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Are Baseboard Heaters Efficient? 

Baseboard Heater Pros and Cons

By Tobias Roberts Rise Writer
Oct 23, 2020

During the winter season, over 40% of our household energy consumption is dedicated to heating our homes. At the same time, much of the energy we use to heat our homes stems from non-renewable resources such as coal, oil, or natural gas. One of the best steps any homeowner can take to reduce their home's carbon footprint is to improve their home's energy efficiency while continuing their search for renewable energy sources. 

The Energy Information Administration (EIA) reports that over 2.5 million households use wood as the primary fuel for heating their homes. Wood is certainly a renewable resource and is considered carbon-neutral. However, it is not a feasible heating alternative in densely populated urban areas where smoke could worsen air quality and increase the likelihood of lung disease.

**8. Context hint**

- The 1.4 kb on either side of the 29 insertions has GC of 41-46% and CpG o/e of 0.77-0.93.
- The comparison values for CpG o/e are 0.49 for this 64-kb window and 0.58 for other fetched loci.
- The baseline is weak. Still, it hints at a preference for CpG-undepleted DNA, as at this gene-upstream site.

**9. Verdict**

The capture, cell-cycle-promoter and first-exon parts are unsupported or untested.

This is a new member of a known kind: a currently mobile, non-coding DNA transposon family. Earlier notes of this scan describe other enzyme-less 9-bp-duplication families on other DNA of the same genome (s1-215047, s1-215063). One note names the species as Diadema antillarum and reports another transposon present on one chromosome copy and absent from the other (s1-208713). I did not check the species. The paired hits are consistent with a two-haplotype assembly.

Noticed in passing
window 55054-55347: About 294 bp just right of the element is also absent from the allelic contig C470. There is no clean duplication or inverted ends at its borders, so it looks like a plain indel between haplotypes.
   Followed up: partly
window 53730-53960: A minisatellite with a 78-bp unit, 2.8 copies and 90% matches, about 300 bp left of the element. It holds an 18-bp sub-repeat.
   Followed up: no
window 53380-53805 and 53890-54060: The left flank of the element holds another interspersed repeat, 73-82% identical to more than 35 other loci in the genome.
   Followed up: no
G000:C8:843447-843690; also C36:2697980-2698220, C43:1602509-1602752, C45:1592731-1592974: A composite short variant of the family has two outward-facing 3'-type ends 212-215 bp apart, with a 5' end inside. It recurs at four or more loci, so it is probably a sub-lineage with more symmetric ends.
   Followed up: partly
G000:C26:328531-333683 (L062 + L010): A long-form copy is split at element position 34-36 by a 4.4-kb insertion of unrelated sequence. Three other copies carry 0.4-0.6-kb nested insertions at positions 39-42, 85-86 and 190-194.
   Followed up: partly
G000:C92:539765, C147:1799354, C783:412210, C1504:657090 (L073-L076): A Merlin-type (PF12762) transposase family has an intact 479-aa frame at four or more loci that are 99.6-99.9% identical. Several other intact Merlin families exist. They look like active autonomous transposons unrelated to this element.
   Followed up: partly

Baseboard heaters are a heating option that can be useful in effectively heating certain types of homes. While these heaters have usually been employed as a supplemental heating source for cold and drafty areas of a home, they could, at times, be the most efficient and economical way to heat modern, airtight homes. 

Table of Contents

  1. What is a Baseboard Heater?
  2. Are There Different Types of Baseboard Heaters?
  3. How Much Do Baseboard Heaters Cost?
  4. Is Baseboard Heating Expensive to Run?
  5. What Are The Pros of Baseboard Heaters?
  6. What Are The Cons of Baseboard Heaters?
  7. Can You Heat a Passive House with Electric Baseboard Heaters?